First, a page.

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MONEY MARKETS-Scope for further drop in euro rates seen limited
LONDON Aug 28 (Reuters) - Euro zone interbank lending rates plumbed new lows on Tuesday as weak lending data fuelled expectations the ECB will cut interest rates as soon as next week, but the decline may not have much further to go.
Three-month Euribor rates have collapsed from around 1.5 percent late last year to just 0.29 percent on Tuesday, a result of the European Central Bank flooding banks with longer-term loans and resuming interest rate cuts.
"The current level incorporates already expectations of a cut in the refninancing rate at the September meeting," said Barclays Capital rate strategist Giuseppe Maraffino.
"Room for a further decline is limited."
The ECB is expected to cut its record low refinancing rate by a further 25 basis points to 0.5 percent on Sept. 6, according to a Reuters poll of economists.
Bolstering the case for a rate cut, data showed loans to households in the euro zone, which is on the brink of recession, fell in July, reflecting weak domestic demand.
Loans to companies ticked up only slightly, suggesting a credit squeeze persists despite banks being stuffed with record amounts of central bank funding.
Commerzbank rate strategist Benjamin Schroeder said the downward trend in Euribor rates may pause after the ECB meeting. He saw only a small amount of room for further falls if the central bank leaves its refi rate at 0.75 percent.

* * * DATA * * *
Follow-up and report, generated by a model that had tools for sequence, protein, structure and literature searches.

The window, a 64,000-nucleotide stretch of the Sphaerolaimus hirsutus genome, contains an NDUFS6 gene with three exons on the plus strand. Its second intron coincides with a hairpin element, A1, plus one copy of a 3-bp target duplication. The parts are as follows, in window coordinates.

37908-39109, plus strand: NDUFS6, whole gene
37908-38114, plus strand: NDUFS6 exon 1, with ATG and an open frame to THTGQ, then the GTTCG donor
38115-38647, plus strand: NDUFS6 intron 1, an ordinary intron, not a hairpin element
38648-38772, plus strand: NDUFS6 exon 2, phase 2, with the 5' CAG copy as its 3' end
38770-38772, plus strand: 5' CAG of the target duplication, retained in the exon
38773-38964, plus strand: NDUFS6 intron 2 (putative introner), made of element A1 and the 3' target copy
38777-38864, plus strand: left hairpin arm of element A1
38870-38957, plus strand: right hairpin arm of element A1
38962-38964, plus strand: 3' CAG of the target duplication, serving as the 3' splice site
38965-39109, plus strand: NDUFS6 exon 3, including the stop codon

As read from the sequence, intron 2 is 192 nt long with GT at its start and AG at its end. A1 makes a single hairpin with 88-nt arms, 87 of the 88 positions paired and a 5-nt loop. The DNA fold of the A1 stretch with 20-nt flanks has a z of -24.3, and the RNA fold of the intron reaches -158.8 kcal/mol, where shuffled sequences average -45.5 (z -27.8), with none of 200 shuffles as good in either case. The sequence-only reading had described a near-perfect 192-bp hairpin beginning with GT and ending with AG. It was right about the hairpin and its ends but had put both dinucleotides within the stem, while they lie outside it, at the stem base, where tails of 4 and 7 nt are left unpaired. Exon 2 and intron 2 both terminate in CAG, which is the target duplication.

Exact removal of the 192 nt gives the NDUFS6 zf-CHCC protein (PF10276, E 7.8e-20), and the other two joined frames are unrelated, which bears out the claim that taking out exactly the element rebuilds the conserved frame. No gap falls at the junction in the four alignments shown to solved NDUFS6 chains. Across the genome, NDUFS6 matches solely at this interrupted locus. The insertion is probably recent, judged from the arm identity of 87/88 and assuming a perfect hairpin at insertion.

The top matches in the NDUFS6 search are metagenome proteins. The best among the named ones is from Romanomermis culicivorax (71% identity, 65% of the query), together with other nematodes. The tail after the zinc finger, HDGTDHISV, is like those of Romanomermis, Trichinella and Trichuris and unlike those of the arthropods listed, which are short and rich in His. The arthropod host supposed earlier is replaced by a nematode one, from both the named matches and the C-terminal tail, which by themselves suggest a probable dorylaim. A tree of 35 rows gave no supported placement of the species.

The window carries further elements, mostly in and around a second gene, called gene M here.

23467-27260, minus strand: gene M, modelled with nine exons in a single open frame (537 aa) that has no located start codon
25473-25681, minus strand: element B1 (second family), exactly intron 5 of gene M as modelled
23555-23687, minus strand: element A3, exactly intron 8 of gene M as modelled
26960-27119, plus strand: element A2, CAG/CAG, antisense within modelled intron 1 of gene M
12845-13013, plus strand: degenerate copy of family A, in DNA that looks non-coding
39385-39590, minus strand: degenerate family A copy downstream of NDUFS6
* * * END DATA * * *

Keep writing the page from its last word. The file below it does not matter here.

"If the ECB keeps the refinancing rate on hold, we still see some scope to the downside (for Euribor), maybe not to the degree we're seeing now but the zero rate argument is still strong and could bring rates down."
Schroeder does however see room for a more substantial fall if the ECB cuts rates as expected, basing his case on the prices banks are submitting to the panel that sets the Euribor rates.
The lowest quote submitted on Tuesday was 0.16 percent, while the highest was 0.42 percent.
"When we saw the trough in rates in 2010, there was a very strong skew to the lower rates, whereas now we are still pretty much distributed towards the middle, or even the high end," Schroeder said.
He said the three-month Euribor rate could fall as low as 0.18-0.20 percent in the second half of September.
One technical factor that may prevent this, however, is the spread between Euribor rates and Eonia overnight interbank lending rates.
That three-month spread has fallen to all time lows on a forward basis of around 17 basis points, something Maraffino already sees as overdone.
"These are very, very tight levels...and reflect an improvement in sentiment with the market knowing that the ECB is ready to intervene," he said.
"That reduces liquidity concerns and risk in the European banking sector so we're seeing this compression but room for further tightening is quite limited."
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